The Billy Graham Of The 19th Century
A regular article written by Phillip Jensen in his role as Dean of Sydney at St Andrew's Cathedral.
31st May 2013
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Dwight L. Moody was to the 19th century what Billy Graham was to the 20thcentury. Both spent the better part of their life as itinerant evangelists, travelling the world preaching Christ and calling upon people to repent and put their trust in him. There were differences between the two men and differences between the two centuries in which they preached, but it is unlikely that anybody preached Christ to more people in the last two centuries than these two men.
This week the Men’s Collegiate Choir of the Moody Bible Institute is visiting us. The Moody Bible Institute was one of the many spin offs of Mr Moody’s evangelistic ministries.
Dwight Lyman Moody, 1837-1899 was raised in poverty. He was one of nine children. His father died when Dwight was 4. He left school at 13 with only a fifth grade education. At 17 he left home to work in his uncle’s shoe shop in Boston. His uncle insisted he attend Sunday school classes. His Sunday School teacher testified: “I have seen fewer persons whose minds were spiritually darker than when he came into my Sunday school class.” At the age of 18, he became a Christian through the ministry of this Sunday School teacher, challenging him with the gospel in his uncle’s shoe store.
Shortly after he moved from Boston to Chicago to start his own shoe business, aiming to make his fortune. However, God had other plans for Moody’s enormous energies, drive and passions. Within three years of living in Chicago, he was moved from pursuing his own wealth to helping the poor. He started a Sunday School in a slum, which grew into a church. By 1861 he had given up the shoe business to concentrate on his social and evangelistic work.
One of the key parts of Moody’s life was the Young Men’s Christian Association. In those days the ‘C’ in the name was still prominent and its aims were evangelistic. He had joined it when he first went to Boston and continued in its membership in Chicago, even becoming its Chairman for four years. This non-denominational ministry was one of the bases of all Moody’s work, for he preached evangelistically in fellowship with people of any and no denominational background.
Two key turning points in his life were the Civil War and the Chicago fire. He spent the war working with the YMCA, evangelising the troops of the Northern army. While the war years may have shaped the urgency and compassion of his ministry it was the fire that changed the direction of his life. D.L. Moody was preaching in Chicago the night of the great fire in 1871. He and his family were protected but he lost everything. The great fire destroyed his church and home as well as the YMCA. He did not rebuild in Chicago but back in his home in Northfield, Massachusetts, for in the aftermath of the fire his ministry moved from Chicago to the world and more significantly from social work and evangelism to simply evangelism.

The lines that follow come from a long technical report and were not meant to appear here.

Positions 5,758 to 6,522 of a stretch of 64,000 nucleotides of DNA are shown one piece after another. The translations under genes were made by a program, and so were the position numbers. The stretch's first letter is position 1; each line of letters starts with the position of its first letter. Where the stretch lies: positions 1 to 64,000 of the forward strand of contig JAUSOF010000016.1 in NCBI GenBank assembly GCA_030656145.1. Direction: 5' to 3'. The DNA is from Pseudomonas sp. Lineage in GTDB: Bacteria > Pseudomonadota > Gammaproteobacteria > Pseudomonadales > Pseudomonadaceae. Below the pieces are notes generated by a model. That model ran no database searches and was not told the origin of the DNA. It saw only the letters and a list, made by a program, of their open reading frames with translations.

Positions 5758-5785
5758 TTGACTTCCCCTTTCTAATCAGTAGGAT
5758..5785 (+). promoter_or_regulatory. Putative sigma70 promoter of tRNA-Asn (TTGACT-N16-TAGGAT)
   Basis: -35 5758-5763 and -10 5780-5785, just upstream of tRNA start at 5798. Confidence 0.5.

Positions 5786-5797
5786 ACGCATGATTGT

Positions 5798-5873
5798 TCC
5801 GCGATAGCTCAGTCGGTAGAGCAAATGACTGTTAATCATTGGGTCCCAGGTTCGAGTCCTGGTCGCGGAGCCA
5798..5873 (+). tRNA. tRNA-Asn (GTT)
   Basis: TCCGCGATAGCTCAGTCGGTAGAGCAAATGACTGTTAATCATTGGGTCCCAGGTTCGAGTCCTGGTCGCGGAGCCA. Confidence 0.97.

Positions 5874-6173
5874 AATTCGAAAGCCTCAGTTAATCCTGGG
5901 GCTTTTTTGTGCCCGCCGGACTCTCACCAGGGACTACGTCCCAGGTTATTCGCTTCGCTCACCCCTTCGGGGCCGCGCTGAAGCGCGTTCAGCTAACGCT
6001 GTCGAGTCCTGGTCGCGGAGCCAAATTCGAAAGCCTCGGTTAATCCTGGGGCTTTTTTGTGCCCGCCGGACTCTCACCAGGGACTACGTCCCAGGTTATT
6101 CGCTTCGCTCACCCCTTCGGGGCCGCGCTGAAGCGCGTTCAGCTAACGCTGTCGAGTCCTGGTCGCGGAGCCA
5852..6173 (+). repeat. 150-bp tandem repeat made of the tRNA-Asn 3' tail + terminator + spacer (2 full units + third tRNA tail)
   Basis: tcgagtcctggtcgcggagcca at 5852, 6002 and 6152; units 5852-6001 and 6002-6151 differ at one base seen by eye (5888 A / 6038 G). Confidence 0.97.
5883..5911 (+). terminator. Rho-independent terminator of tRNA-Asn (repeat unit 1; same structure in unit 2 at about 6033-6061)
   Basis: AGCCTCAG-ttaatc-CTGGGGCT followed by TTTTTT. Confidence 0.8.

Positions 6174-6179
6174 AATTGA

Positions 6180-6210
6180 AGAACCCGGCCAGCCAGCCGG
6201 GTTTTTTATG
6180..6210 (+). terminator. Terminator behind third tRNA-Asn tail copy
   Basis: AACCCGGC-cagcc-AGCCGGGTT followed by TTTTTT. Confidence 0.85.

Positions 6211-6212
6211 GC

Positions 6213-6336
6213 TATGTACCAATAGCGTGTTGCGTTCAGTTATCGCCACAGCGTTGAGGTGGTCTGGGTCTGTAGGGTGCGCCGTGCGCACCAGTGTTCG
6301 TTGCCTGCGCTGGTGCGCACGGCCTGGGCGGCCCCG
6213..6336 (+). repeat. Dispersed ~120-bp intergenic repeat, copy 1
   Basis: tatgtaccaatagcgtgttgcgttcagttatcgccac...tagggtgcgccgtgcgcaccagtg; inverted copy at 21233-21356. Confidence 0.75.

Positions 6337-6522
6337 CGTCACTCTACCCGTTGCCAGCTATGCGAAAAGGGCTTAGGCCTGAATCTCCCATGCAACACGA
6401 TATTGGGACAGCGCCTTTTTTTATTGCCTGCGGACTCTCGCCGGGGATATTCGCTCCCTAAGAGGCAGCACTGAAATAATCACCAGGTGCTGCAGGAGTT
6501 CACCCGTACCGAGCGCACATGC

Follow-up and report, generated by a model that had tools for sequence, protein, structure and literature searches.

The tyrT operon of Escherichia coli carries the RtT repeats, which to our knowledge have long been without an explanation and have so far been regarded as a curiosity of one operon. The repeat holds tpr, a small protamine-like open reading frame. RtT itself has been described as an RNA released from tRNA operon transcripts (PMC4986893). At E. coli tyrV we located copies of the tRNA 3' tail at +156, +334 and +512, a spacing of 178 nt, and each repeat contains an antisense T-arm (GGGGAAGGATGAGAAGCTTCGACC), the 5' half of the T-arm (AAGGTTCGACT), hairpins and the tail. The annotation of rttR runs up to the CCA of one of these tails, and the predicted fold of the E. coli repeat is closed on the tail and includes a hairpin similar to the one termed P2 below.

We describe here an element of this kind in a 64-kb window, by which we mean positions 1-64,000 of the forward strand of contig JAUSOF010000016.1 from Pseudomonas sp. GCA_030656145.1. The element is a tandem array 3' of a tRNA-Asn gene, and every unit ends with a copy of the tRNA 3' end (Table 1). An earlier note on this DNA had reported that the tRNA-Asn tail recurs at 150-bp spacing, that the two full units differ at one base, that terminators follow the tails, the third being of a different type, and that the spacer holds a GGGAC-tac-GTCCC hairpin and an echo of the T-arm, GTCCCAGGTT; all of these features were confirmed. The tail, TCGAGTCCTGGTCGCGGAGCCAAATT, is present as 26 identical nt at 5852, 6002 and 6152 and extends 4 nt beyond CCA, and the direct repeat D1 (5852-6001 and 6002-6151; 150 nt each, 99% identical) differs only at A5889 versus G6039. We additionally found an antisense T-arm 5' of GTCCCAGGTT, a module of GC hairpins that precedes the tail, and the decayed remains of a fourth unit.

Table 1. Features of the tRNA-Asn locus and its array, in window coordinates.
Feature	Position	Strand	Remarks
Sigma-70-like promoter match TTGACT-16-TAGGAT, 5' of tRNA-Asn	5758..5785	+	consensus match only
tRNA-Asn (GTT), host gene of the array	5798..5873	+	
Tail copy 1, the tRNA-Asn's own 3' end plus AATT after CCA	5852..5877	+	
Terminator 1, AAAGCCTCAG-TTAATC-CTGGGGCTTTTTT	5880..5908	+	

Evangelism is never ‘simply’; and Moody’s evangelism was no exception. It involved music and travel, fund raising and organisation, and spawned a whole range of other activities. Moody’s own experience of poverty and working with the poor, remained part of his great appeal to the masses as well as his concern for the lost in every class of people. His entrepreneurial energies invented new ways of presenting the gospel, that today we would take for granted.
He teamed up with a singer, composer and organist Ira Sankey. Together they published famous hymn books, but more importantly they travelled on evangelistic tours: Sankey singing solos, and leading the crowds in singing their hymns and D.L. Moody preaching. It seemed a winning combination as people flocked to hear them and were, by God’s grace, won to the Kingdom. Travelling frequently through North America and across the Atlantic, it is estimated that over 100 million people heard this gifted evangelist call them to the Saviour.
Coming out of all this evangelistic activity, he created several institutions. He founded schools in his home state of Massachusetts. Sadly, they have become prestigious and even famous but have not continued in his Christian ideals. He started a ministry of distributing gospel books and pamphlets, which in turn became the publishing house named Moody Press.
His ministry had a great effect on students. From a famous mission in Cambridge University a group of 7 students travelled around Britain arousing great interest in Overseas Missions. He ran Summer Bible conferences near his home – at one such conference the Student Volunteer Movement was founded, with its, soon to be adopted, motto of “the evangelization of the world in this generation”. Again sadly, following generations within this movement did not hold to his clear gospel presentation, but from it have come many other movements such as the International Fellowship of Evangelical Students.
In 1886 D.L. Moody established the Chicago Evangelization Society. The aim was clearly stated as the “education and training of Christian workers, including teachers, ministers, missionaries, and musicians who may completely and effectively proclaim the gospel of Jesus Christ.” The aim was to train people to do city mission work, reaching people with the gospel. Shortly after his death the institute changed its name to “The Moody Bible Institute”.
Which brings us to our visitors in Sydney this week. For these students of Moody’s Bible Institute come “striving for musical excellence with the goal of encouraging believers and sharing the good news of Jesus Christ.” In that goal they are continuing Moody’s great aim of saving the lost and we pray that God blesses their endeavours.